Others from amongst the German participation pointed out that Germany had done her homework to make herself competitive and expected others to do the same. Spending more government money could not be the right answer to the current problems. But there was a risk of a fundamental Franco-German divergence on these points.

Despite these disagreements, we were able to agree on some basic common aims on the international economic side

  • Keep the focus on competitiveness with the rest of the world, including by reducing entitlement spending

  • Preserve and extend the single market in the EU-27, notably in services and digital products
  • Keep European and global markets open
  • Push for rapid progress on the EU/US/Japan FTAs, and support the Trans-Pacific Partnership too
  • Rethink energy policy
  • Push hard economic links with the big new emerging economies, without undermining each other, and with Africa

PARTICIPANTS

CHAIR    :  Sir John Holmes GCVO, KBE, CMG
Director, The Ditchley Foundation (2010-); Co-Chair, International Rescue Committee UK (2012-).  Formerly: Under-Secretary-General for Humanitarian Affairs, The United Nations, New York (2007-10); HM Diplomatic Service (1973-2006): HM Ambassador to France (2001-06); HM Ambassador to Portugal (1999-2001); Private Secretary to the Prime Minister Tony Blair (1997-99); Private Secretary to the Prime Minister Sir John Major for Overseas Affairs (1996-97); Head, European Union Department (External), Foreign and Commonwealth Office (1995-96).  A Member of the Board of the American and Canadian Ditchley Foundations.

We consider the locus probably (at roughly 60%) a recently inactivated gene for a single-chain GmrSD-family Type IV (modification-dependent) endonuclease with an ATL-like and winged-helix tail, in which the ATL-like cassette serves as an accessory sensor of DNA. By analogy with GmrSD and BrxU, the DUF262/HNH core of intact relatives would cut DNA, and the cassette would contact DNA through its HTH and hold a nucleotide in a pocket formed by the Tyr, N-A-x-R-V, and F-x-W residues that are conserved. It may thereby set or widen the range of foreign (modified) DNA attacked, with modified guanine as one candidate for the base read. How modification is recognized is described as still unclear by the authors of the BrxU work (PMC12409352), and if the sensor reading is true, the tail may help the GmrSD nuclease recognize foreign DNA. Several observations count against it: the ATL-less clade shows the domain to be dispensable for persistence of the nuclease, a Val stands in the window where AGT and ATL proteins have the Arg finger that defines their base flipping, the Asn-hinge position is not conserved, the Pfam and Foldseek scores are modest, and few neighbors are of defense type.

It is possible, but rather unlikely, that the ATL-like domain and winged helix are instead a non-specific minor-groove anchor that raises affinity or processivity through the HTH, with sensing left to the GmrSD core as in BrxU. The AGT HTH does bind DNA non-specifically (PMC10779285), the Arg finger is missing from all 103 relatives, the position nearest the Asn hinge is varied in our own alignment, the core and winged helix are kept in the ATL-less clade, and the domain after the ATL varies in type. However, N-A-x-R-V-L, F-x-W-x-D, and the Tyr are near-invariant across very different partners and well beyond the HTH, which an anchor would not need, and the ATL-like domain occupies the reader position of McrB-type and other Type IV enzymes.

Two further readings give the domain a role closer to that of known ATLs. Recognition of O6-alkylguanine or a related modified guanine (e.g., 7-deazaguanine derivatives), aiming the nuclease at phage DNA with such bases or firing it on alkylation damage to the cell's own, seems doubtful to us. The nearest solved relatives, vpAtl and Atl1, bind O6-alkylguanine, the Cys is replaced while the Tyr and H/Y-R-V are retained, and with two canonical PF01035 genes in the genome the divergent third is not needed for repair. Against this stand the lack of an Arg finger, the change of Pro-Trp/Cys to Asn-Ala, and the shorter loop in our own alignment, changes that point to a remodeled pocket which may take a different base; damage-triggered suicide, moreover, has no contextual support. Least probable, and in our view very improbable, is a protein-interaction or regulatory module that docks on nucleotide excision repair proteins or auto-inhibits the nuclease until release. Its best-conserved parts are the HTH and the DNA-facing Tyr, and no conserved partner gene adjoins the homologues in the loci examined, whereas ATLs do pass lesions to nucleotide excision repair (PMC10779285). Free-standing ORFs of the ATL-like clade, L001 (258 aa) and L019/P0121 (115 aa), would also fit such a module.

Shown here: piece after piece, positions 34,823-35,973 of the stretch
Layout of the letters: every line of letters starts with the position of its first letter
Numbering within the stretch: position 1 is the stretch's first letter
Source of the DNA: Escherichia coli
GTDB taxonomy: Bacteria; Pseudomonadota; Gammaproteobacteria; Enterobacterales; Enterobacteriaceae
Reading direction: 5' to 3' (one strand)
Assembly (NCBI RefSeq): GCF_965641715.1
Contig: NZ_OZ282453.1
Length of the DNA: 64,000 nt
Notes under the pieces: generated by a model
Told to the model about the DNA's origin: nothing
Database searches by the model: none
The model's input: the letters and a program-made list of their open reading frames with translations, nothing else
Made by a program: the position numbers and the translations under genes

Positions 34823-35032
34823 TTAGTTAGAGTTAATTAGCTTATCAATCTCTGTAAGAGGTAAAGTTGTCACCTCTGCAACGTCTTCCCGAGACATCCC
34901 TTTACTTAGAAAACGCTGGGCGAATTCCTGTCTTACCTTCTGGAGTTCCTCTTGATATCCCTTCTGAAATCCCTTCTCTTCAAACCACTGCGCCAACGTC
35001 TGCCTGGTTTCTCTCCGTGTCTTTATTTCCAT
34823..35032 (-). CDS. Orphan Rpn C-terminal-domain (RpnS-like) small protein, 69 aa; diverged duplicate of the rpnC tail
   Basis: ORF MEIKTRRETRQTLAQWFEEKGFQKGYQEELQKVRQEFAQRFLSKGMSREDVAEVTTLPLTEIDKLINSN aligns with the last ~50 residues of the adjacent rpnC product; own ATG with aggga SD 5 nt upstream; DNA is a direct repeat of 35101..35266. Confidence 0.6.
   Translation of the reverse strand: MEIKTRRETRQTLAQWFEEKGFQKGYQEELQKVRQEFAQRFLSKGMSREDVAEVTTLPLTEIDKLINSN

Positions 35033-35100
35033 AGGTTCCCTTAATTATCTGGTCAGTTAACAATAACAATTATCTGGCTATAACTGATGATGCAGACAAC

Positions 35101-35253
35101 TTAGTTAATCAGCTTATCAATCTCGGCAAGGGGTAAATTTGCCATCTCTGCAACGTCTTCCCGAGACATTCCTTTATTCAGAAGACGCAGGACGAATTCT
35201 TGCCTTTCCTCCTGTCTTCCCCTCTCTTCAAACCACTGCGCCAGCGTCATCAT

FRANCE

Mr Camille Grand
Director, Foundation for Strategic Research (2008-). Formerly: Deputy Director of Multilateral Affairs and Disarmament, Ministry of Foreign and European Affairs (2006-2008); Deputy Diplomatic Adviser to the French Minister of Defence (2002-2006); Special Adviser on Nuclear Policy, Strategic Affairs Department, Ministry of Defence, Paris (1999-2002). Author focusing on European security and nuclear policy.